Section 41 Income Tax Act Notional Income | Deemed Profit |

Section 41 of the Income tax Act enumerates items of notional income which are deemed to be income from business or profession chargeable to tax. Section 41 states that, The liability to tax in respect of deemed profits would arise not only during the existence of the business but also after its discontinuance. The items of deemed profits under section 41 are enlisted below.  There are many clauses in Section 41 which are explained in detial below.

(i) Remission of Liability or Recoupment of Loss or Expenditure: Section 41 Income Tax Act

Where any allowance or deduction has been made in the assessment for any year in respect of losses, expenditure or trading liability incurred by the assessee and subsequently the assessee or his/its successor in business has obtained, whether in cash or in any other manner whatsoever, any amount in respect of such loss or expenditure or some benefit in respect of such trading liability by way of remission or cessation thereof during any subsequent accounting year, the amount so obtained or the value of the benefit so accruing to the assessee or his/its successor in business as the case may be, must be deemed to be the profits and gains of business or profession and must be charged to tax as the income of the assessee or his/its successor in business as the case may be for the year in which the remission or cessation takes place.

This tax liability would arise irrespective of the fact whether the business or profession in respect of which the allowance or deduction has been made is being continued to be carried on by the assessee in the year of remission of liability or not. For instance, if sales tax is paid by the assessee in the year 1998-99 and the assessee gets a refund of sales-tax previously paid in the year 1999-2000, the refund would be taxable as the assessee’s income of 1999-2000.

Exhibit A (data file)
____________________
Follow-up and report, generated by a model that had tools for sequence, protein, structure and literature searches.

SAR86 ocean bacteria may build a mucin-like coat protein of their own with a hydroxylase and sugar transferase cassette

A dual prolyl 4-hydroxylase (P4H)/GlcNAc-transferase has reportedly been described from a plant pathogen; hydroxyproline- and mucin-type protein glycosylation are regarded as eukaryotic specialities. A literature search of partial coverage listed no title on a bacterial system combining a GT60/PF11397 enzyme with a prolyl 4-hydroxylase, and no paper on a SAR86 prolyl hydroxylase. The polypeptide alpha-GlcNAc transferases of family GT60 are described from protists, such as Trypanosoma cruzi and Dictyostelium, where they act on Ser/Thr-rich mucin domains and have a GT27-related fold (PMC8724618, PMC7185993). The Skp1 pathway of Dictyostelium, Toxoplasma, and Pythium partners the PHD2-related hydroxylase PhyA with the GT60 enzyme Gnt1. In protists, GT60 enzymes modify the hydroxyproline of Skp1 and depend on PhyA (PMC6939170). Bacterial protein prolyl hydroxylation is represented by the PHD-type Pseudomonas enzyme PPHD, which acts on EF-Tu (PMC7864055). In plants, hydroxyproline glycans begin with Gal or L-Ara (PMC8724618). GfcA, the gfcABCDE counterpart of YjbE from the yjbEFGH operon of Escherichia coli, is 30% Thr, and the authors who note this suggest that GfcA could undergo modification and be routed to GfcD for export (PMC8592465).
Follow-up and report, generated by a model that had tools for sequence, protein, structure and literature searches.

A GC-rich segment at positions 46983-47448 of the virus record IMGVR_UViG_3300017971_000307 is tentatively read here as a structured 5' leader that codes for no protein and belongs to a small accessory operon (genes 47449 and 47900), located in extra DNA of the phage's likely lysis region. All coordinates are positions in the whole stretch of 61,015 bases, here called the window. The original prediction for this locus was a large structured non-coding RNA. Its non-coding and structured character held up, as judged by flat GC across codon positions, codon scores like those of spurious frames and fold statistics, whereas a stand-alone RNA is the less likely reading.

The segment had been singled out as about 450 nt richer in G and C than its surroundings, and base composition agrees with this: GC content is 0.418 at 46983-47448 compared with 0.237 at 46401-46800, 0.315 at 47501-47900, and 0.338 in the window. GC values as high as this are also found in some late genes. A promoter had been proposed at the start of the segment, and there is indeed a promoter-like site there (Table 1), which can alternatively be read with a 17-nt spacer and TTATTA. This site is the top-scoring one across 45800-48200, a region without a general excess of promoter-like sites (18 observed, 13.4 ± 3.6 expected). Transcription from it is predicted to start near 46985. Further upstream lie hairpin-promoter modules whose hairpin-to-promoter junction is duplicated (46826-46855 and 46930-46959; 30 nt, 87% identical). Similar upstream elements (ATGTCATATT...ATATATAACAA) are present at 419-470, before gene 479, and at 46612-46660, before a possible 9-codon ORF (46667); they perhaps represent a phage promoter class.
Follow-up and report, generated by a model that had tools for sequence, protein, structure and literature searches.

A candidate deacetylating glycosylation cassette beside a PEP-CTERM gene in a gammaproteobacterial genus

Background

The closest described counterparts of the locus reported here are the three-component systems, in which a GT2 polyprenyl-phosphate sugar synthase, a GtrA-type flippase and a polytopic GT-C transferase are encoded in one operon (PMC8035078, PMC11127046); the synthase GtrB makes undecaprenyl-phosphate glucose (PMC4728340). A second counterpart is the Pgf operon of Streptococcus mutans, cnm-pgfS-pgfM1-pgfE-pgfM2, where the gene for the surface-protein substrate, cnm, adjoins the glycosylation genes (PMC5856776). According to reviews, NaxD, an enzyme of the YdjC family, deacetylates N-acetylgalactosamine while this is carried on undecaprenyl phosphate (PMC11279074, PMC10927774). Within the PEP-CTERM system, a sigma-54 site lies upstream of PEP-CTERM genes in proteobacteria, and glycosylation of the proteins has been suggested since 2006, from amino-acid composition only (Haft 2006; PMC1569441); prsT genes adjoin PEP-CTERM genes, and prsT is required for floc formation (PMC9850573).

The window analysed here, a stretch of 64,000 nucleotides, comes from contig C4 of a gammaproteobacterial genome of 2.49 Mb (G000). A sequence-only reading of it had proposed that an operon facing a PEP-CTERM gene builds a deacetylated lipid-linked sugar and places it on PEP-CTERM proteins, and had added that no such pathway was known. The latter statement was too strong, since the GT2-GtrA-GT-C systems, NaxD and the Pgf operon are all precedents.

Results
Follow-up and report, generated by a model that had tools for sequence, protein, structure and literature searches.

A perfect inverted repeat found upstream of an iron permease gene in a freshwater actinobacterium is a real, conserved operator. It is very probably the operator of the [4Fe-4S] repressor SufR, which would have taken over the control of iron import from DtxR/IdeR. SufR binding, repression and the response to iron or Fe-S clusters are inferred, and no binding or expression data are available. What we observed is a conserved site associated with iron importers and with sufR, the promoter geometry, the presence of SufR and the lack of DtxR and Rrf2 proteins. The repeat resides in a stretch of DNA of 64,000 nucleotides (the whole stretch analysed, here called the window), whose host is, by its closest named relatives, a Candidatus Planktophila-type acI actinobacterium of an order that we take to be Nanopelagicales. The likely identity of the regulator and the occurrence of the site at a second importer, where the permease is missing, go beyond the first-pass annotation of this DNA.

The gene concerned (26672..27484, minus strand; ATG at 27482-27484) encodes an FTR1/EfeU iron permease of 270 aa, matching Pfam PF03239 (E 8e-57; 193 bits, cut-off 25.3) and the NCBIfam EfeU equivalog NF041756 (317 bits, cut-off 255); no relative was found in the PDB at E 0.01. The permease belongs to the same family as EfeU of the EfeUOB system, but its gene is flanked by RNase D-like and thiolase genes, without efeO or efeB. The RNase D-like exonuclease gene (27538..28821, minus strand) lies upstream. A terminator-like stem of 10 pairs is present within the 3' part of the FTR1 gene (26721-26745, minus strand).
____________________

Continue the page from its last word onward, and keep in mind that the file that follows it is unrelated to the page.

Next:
But the taxability of any deemed profit on account of remission of liability or recoupment of loss would arise only if the liability in question or the amount of the loss was previously allowed as a deduction in computing the business income of the assessee.

For instance, if the income-tax assessment for the year in which the expenditure or loss was claimed was made exparte or was a best judgement assessment and the income was estimated, it cannot be said that the expenditure was actually allowed as a deduction in the assessment. Consequently, if there is a remission of the liability subsequently, the assessee cannot be brought to charge in respect of the same. The Finance (No. 2) Act, 1996 has clarified that unilateral write back of any liability would be taxable as deemed income.

“Successor in business” means –

(i) in case of amalgamation of companies the amalgamated company;

(ii) where the first mentioned person is succeeded by any other person in that business or profession, the other person;

(iii) where a firm carrying on business or profession is succeeded by another firm, the other firm;

(iv) where there has been a demerger, the resulting company.

(ii) Where any building, machinery plant or furniture owned by the assessee : Section 41 Income Tax Act

Where any building, machinery plant or furniture owned by the assessee and used for the purpose of business for which depreciation under Section 32(1)(i) is claimed, is sold, discarded, demolished or destroyed and the money payable together with scrap value in respect of such assets exceeds the written down value, the excess to the extent of difference between the actual cost and the written down value shall be taxable as business income in the previous year in which the moneys payable become due.

Even if in the year the moneys payable becomes due, the business for which these assets were used is no longer in existence, the provisions of this section shall apply as if the business is in existence in that previous year.

(iii) Capital expenditure on Scientific Research: Section 41 Income Tax Act